1. Believing a real “Artiste” doesn’t need to promote. If you don’t want to promote, don’t expect book sales.    If you refuse to leverage social media and/or media appearances and/or podcasting and/or blogging and/or giving speeches…or any of the other incredibly efficient platform building tools at your disposal at this time in history, your book will get lost in the shuffle. Over 500,000 new books are published each year. No book buyer will sift through so much content noise to find your whisper. If Charlotte Bronte were alive today, she’d be building her platform daily.


  1. Attempting Platform Building in ways that aren’t congruent with your natural talent. The sin that comes right after “not building a platform” is “building a poorly done, half-baked platform.” That will push people away – right away. (To discover what your natural gifts are for platform building, take the free assessment at  Put all your energy into what you’re good at!  We have one New York Times best-selling client who built his entire platform exclusively on Facebook.


  1. It’s hard to get people to trust you if you only blog, post, Tweet, show up on media, podcast, whatever when you feel like it. In fact, this will un-platform you! If you choose a platform based on your talents and time, and start down this road, give it your best effort. Provide consistent quality and deliver it from a place of true service to your fans.



unnamed-48My writing coach and publisher Brooke Warner of the award winning She Writes Press and Greenlight Your Book shares this much needed point about platform building that authors often forget:


While building your platform, remember that it’s an exercise in generosity. You need to give more than you ask. I see too many new authors selling and self-promoting more than they’re giving. The best way to build a platform is to give free content and engage your readers and fanbase in conversation. Self-promotion and asks should account for no more than 20-30% of what you put out there.


unnamed-49Deborah Siegal, author, speaker and coach and one of the co-founders of has this handy “not to do” checklist:


  1. Be confident in being credible. Don’t overstate or overshoot your expertise when building your platform. Aim high, but go for accuracy!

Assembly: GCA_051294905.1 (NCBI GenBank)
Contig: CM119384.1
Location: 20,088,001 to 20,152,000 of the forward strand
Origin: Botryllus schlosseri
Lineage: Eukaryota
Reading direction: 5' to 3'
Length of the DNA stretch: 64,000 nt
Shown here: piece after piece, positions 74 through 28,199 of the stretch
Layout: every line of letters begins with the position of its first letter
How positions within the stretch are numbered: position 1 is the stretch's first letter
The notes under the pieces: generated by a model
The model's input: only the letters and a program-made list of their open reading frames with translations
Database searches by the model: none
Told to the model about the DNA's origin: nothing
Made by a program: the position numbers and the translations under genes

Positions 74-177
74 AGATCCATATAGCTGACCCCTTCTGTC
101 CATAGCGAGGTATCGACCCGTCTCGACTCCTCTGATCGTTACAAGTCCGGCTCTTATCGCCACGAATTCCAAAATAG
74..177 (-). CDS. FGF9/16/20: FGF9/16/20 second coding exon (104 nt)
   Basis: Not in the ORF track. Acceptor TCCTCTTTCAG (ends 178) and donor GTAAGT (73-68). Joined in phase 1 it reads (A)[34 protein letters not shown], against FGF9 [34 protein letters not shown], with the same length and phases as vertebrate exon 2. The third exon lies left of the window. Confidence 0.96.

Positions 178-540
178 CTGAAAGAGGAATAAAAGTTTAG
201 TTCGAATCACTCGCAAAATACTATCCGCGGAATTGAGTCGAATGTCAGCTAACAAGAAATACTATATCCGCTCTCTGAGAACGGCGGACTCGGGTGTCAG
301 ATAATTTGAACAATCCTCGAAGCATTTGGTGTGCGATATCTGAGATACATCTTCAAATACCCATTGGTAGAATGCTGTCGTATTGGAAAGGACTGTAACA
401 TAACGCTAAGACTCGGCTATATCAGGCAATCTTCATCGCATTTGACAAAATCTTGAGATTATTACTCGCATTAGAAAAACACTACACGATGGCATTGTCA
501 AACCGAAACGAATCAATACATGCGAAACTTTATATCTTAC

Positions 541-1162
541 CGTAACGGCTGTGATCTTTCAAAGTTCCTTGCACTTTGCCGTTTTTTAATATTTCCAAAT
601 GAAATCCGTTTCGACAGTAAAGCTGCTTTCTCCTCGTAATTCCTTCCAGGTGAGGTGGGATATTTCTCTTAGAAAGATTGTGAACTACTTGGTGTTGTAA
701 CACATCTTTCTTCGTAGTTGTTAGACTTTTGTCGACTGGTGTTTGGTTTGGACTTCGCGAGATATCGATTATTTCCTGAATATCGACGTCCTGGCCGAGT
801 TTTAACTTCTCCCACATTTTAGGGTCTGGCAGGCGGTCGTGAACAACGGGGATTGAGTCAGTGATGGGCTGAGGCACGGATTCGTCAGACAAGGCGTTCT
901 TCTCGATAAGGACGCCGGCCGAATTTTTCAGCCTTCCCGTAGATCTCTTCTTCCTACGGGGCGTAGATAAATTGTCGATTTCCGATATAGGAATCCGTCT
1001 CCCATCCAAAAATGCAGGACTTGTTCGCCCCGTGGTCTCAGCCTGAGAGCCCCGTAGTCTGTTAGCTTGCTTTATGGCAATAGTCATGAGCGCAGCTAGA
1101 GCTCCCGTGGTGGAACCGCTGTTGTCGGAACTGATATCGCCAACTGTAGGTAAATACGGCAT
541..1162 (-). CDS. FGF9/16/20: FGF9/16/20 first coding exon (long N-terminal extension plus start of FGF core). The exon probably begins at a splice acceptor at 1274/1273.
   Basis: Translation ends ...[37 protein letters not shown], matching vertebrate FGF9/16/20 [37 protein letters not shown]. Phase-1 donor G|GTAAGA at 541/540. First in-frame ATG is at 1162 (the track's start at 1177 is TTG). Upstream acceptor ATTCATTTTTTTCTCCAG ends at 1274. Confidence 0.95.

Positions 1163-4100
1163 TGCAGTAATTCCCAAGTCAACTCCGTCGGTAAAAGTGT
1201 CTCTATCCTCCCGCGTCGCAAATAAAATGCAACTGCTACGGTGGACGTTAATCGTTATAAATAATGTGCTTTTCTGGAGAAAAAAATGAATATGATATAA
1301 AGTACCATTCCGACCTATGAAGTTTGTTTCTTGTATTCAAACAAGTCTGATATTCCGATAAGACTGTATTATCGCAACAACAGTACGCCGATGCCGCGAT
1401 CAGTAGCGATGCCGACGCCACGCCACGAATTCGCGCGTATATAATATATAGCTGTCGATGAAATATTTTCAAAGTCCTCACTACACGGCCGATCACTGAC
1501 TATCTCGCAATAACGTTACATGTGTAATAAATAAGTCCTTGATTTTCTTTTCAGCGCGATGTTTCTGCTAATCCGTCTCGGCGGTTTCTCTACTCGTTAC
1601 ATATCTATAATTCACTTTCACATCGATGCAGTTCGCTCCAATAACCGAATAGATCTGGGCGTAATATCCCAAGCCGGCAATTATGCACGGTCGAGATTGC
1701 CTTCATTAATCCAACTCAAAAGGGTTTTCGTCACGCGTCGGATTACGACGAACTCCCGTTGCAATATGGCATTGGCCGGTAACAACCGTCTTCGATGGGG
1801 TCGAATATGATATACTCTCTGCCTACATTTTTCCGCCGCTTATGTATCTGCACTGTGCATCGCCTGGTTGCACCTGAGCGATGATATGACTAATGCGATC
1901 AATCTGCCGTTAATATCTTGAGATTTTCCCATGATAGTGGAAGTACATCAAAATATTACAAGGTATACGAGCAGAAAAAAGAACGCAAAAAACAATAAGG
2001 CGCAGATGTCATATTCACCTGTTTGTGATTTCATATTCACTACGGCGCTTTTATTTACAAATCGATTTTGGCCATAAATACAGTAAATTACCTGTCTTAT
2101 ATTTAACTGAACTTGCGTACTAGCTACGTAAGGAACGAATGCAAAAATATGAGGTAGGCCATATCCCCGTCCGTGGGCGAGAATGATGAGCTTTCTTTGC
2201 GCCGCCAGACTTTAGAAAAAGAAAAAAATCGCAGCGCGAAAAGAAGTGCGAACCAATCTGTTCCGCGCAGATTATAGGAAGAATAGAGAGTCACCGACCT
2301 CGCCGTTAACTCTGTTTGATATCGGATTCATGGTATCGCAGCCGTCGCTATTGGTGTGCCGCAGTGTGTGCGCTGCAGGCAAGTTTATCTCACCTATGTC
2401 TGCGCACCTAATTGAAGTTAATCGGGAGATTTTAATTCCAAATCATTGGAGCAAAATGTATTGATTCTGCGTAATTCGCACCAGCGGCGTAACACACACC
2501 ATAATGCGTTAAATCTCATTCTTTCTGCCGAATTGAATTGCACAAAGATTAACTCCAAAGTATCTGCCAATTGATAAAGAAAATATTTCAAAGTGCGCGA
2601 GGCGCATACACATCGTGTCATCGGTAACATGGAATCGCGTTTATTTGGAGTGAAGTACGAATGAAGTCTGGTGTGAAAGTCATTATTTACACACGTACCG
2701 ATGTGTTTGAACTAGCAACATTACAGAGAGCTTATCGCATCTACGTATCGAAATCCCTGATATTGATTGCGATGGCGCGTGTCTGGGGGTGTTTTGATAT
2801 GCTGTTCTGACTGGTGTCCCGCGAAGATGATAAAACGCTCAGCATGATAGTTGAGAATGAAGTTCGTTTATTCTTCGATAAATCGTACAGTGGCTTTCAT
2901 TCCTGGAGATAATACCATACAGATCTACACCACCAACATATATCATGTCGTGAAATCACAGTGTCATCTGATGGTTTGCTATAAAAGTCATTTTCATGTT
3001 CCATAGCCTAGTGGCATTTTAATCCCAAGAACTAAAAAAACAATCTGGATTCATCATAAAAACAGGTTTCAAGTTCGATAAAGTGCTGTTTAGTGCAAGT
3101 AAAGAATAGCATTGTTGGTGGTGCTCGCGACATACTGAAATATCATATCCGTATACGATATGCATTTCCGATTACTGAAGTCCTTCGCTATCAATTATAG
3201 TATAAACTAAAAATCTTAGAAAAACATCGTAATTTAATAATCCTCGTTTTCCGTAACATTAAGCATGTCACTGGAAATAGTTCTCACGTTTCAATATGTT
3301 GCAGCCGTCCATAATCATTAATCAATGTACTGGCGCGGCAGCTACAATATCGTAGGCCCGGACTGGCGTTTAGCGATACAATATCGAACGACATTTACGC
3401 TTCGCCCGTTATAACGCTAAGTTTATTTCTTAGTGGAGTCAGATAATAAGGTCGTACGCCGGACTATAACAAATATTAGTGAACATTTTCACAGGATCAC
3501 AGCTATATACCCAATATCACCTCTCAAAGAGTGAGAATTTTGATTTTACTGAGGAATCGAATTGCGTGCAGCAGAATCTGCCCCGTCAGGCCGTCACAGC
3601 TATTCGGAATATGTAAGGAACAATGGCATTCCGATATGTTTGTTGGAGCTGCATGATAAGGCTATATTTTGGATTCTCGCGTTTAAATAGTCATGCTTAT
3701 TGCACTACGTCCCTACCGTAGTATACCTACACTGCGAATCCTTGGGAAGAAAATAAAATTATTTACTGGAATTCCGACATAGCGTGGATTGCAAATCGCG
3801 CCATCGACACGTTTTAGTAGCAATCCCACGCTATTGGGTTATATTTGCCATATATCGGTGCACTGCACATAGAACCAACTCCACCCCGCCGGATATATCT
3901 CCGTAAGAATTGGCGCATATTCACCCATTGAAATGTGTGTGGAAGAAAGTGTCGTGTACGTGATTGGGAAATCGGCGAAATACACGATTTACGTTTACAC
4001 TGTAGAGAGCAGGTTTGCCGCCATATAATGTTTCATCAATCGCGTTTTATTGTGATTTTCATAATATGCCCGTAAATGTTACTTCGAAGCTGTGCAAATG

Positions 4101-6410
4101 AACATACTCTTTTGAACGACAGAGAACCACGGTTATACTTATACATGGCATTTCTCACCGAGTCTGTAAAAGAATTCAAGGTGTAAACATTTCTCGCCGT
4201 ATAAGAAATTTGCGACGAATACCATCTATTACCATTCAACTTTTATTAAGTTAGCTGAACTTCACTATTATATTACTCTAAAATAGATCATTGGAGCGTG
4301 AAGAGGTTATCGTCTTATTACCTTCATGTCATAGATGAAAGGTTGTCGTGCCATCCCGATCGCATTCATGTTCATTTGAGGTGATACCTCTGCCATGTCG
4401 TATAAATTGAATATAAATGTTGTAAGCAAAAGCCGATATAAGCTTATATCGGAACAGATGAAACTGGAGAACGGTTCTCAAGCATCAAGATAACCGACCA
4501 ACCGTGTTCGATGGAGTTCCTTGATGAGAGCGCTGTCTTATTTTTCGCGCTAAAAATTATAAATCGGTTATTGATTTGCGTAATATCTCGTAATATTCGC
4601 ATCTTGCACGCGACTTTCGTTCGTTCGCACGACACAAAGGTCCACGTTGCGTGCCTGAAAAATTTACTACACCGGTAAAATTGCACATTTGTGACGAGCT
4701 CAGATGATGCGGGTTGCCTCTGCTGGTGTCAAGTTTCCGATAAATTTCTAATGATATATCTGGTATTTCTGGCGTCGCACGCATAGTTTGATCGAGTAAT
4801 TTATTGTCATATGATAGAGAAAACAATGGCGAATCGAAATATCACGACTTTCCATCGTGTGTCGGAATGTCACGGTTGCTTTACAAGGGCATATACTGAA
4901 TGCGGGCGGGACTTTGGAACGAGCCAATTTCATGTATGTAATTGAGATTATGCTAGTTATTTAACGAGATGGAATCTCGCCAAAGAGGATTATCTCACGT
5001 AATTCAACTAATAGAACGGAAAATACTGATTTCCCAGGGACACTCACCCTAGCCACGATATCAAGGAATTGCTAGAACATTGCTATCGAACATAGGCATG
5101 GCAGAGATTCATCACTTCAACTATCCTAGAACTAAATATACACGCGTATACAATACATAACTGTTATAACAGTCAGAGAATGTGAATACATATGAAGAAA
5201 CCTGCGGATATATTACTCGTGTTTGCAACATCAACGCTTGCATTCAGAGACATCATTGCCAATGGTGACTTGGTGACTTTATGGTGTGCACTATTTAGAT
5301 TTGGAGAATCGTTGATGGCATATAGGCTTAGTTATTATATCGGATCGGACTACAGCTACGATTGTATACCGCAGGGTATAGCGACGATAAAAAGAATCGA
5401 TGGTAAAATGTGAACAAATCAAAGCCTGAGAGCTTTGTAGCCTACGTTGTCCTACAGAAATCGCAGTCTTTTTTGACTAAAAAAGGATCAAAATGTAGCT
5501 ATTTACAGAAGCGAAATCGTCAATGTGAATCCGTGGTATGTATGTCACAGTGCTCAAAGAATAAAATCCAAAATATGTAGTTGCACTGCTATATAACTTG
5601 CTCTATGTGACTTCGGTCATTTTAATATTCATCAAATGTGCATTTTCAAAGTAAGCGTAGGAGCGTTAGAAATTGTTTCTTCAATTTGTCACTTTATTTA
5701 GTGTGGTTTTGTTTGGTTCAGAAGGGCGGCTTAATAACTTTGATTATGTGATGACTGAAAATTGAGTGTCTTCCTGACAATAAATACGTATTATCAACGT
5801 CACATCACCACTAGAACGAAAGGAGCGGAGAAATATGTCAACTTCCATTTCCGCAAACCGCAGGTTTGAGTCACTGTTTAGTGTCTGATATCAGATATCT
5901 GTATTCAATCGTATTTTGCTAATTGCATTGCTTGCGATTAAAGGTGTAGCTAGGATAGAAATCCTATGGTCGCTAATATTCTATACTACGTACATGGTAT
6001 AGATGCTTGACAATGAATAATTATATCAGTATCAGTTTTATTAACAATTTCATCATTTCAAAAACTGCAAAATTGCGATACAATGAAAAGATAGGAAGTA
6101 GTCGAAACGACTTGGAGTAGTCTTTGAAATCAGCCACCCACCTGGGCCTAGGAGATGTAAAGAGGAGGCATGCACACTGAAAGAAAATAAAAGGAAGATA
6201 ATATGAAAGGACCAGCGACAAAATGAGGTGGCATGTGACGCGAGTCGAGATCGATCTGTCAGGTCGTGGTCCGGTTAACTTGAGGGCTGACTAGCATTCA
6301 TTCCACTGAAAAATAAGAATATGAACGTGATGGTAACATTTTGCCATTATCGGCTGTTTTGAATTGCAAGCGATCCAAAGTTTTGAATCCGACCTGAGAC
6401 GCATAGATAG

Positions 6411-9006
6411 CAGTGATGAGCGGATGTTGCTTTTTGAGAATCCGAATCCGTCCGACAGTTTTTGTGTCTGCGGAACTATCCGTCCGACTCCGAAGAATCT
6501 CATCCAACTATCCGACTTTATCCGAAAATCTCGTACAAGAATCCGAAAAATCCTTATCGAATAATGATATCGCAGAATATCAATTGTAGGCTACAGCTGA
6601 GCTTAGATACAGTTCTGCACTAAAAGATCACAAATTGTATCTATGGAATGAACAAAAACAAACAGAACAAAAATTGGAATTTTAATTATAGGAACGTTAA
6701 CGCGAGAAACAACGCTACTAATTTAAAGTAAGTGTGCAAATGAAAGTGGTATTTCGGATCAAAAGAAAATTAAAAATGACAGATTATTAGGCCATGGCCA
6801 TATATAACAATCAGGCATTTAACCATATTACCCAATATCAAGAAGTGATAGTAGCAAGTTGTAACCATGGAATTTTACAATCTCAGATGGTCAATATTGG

2. Build organically. Don’t try to be everywhere all at once. 
  3. Know that quality can trump quantity. People get fixated on the numbers.
  4. Be selectively responsive. Many think they need to respond to trolls.
  5. Create a “brand” that jives with who you are. I sometimes see people trying to be a square peg in a round hole. Embrace your square.
  6. See your issue everywhere. Don’t think of your topic as a one-shot pop.
  7. Generate authentic community around your work. Don’t be an island.
  8. Be generous. Don’t stay focused on your platform. Don’t forget to comment, engage, share the work of others.
  9. Do the thing you think you cannot do. Don’t play it safe.
  10. Fail well. Don’t be afraid of silence. Silence happens. Get up and try something different, instead!


unnamed-50Jennie Nash is a book coach who encourages writers and authors to start early enough building their platforms.


The biggest mistake I see writers make when it comes to platform building is not starting soon enough.


They give a million excellent reasons for this – it’s hard enough to write a book, there are only so many hours in the day, it’s impossible to keep up with all the changes in technology, I just don’t get social media – but the end result is always the same: they don’t pay any attention to their future readers and when it comes time to sell the book, either to agents, publishers or directly to readers, they find themselves with a glaring weakness that may well end up undermining their goals.


The fact of the matter is that connecting with readers is your primary job as a writer. No one writes a book because they want it to sit in a drawer, unread. We write to connect. It’s our whole purpose for doing what we do. If we think about who we want to connect to and why we want to connect with them from the moment we conceive of the book, we will be in a far stronger position when it comes time to invite people to read it.